OK, now that we're past the emotion, let's summarize this from the standpoint of tactics and training.
The original question was whether the woman went too far in drawing her gun. Pax has shown us that justification under the law in her jurisdiction would depend upon whether she had reason to believe that doing so was necessary to protect herself or her child from presently threatened unlawful force.
That's it. Nothing else really matters. Whether we may we have an actor for whom we may be sympathetic-and we do, a woman with a disabled child--doe not show up in the code, nor does our opinion of the person she threatened. Those who insist on believing otherwise need to study more, and to consider some of the very upstanding citizens who have been convicted of felonies after having drawn when it was later not deemed justified, and some of the criminals who have won acquittals in self defense cases.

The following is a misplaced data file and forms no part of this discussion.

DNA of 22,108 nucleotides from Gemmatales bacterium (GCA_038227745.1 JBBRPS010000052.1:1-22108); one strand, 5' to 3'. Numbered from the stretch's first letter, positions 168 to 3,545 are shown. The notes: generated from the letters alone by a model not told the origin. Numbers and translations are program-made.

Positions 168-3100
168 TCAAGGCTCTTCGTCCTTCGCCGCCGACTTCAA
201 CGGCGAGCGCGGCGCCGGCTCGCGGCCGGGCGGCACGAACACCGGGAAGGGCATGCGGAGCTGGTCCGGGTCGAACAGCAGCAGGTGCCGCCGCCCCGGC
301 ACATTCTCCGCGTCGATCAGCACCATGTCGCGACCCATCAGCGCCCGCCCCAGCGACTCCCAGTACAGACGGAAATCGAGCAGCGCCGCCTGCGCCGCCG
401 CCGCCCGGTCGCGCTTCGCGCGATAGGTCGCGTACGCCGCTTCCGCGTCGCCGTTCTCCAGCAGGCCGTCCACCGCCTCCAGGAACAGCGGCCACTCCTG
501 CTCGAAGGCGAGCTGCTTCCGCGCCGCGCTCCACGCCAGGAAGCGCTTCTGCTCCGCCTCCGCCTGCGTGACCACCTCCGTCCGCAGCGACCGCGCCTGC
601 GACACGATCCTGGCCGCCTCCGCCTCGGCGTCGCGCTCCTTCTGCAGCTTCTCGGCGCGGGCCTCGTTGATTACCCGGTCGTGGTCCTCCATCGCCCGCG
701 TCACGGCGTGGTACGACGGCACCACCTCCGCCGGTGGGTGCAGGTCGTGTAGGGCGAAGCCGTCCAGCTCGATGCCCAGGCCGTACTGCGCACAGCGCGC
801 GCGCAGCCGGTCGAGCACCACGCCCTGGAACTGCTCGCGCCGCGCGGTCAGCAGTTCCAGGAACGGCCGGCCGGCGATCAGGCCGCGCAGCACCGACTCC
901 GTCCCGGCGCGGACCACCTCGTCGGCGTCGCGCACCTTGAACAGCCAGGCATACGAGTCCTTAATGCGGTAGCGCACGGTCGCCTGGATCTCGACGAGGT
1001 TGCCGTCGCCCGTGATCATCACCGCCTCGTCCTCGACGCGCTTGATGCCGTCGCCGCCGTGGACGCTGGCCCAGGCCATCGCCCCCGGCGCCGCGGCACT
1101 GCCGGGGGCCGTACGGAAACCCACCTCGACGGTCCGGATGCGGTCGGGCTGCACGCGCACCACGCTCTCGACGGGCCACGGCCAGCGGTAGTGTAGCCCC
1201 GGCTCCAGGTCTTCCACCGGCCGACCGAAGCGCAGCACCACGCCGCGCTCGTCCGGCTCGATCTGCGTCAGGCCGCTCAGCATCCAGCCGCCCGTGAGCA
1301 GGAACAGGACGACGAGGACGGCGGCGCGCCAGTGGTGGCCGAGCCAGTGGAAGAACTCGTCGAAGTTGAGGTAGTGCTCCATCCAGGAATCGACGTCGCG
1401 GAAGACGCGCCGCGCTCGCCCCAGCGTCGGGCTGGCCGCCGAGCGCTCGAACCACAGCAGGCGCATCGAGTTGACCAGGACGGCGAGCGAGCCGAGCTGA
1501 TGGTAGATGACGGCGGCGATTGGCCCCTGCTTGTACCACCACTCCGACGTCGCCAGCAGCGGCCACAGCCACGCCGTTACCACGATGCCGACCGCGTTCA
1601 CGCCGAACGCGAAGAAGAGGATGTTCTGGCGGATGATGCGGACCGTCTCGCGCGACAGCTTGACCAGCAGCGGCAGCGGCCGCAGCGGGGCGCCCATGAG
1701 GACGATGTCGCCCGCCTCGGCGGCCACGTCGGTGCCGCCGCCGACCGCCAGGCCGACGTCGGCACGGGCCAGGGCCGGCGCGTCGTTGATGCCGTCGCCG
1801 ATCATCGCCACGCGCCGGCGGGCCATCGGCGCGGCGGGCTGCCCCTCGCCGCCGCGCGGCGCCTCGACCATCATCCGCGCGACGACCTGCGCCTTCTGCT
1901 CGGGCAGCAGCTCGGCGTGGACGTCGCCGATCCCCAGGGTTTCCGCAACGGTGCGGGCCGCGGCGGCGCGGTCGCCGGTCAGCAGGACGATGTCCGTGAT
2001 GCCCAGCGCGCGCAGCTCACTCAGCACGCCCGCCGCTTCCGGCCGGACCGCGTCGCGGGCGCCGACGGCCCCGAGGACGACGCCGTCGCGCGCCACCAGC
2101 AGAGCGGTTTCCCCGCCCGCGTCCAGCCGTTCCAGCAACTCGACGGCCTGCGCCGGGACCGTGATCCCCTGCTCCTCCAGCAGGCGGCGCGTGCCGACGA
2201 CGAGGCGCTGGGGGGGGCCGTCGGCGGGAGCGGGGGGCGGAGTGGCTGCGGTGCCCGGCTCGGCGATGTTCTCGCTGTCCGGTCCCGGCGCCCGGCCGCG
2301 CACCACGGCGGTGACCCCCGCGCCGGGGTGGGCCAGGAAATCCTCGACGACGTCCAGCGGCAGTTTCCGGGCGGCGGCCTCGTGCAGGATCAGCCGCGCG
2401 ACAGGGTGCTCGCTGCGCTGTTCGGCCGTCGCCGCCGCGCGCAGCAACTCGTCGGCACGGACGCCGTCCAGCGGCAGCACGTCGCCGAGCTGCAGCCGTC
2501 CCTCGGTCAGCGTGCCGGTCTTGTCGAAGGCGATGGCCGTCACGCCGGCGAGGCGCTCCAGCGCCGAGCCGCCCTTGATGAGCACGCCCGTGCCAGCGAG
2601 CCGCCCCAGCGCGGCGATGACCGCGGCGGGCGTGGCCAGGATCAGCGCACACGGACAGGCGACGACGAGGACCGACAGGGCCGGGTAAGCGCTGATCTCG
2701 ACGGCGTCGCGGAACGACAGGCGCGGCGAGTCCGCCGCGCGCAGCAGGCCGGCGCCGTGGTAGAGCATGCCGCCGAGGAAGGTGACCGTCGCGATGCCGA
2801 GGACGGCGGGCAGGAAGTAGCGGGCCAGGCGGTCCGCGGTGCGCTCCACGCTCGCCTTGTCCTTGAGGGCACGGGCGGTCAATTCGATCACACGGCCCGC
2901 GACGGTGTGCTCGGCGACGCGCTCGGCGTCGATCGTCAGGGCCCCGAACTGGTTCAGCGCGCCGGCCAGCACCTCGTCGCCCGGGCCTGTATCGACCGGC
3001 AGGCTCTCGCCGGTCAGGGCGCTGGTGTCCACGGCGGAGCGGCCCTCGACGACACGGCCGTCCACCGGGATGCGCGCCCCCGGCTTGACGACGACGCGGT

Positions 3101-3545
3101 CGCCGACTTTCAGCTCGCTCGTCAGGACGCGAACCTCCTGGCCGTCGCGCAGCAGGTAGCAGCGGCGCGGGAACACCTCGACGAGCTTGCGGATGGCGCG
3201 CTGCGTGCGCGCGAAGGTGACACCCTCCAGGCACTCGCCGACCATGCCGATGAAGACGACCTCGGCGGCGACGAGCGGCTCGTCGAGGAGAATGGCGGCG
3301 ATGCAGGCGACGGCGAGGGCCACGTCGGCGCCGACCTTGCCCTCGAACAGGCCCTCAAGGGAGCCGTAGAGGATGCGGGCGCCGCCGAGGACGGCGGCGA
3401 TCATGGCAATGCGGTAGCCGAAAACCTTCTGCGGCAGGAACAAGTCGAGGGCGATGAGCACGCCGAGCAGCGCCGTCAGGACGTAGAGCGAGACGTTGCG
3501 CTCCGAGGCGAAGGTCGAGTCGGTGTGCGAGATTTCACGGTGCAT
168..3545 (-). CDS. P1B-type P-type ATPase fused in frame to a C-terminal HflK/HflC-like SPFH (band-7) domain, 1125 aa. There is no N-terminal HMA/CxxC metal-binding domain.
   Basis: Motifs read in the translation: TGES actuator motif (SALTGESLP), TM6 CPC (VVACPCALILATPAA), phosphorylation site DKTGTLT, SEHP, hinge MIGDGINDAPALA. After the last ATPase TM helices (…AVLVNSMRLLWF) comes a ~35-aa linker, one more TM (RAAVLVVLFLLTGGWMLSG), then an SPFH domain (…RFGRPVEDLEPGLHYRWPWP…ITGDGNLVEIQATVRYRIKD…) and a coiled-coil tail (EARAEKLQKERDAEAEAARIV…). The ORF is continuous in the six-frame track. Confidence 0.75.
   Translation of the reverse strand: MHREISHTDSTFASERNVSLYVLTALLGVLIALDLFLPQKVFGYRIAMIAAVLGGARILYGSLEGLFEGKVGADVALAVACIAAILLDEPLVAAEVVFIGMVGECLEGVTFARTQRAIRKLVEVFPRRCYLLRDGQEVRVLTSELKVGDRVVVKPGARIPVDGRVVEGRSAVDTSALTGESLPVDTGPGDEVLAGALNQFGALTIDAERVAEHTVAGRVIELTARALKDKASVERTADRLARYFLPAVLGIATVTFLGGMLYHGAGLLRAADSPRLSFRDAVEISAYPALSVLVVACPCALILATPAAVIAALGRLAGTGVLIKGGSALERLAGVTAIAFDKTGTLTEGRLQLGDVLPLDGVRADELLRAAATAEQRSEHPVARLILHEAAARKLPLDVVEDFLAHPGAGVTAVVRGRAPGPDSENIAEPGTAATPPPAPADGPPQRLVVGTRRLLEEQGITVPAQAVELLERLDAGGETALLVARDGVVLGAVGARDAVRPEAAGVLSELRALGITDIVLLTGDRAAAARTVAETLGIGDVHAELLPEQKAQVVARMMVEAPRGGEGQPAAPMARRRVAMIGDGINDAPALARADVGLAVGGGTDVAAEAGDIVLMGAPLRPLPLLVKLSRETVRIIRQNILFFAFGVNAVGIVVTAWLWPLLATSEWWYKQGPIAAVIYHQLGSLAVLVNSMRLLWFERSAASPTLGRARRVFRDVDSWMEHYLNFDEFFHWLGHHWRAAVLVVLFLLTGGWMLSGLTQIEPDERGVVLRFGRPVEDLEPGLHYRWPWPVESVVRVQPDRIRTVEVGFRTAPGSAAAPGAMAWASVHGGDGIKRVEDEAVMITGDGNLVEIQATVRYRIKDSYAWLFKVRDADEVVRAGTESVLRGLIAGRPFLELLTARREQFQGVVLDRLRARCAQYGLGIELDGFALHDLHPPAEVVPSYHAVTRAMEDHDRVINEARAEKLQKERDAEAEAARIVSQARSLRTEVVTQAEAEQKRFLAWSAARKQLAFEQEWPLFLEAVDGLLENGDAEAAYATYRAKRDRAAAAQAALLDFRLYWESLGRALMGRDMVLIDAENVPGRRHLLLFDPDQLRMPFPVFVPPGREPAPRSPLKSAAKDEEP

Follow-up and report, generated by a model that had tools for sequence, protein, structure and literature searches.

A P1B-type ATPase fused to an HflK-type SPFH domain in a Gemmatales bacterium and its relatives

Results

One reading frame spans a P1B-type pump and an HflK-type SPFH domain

The threshold in other jurisdictions is different. Penalties for violation very widely.
There may be those who contend that when the outcome is favorable, the actor did the right thing. That doesn't follow. Luck will not always smile on us. We can learn from after action reports on successful encounters as well as from failures.
Personally, I do not think that carrying a semiautomatic pistol without the magazine, or with the magazine unseated, depending upon which report is accurate, is a very good idea at all. True, she was not overcome, disarmed, raped, or beaten, but it is a very good idea to be able to react very quickly to a rapidly unfolding attack. The consequences of failure can be very severe indeed.
We cannot judge from news reports whether drawing was either justified or a good idea. The man reportedly approached "aggressively." We cannot tell whether a present threat of unlawful force existed.
Personally, I do not think it very bright at all to shout "I'll blow your brains out" when pointing a gun at someone who is seated. Had things gone bad, and had there been an earwitness, that could have tipped the scales against her, all other things being equal.
Did she do anything right? Yes indeed. She contacted the police immediately. We talk about that all the time here.
Yes, she is a sympathetic character. Yes, the other guy is anything but sympathetic. Yes, she came out of it unhurt, and most probably legally OK.
But there are a number of things she did that she could have done a lot better.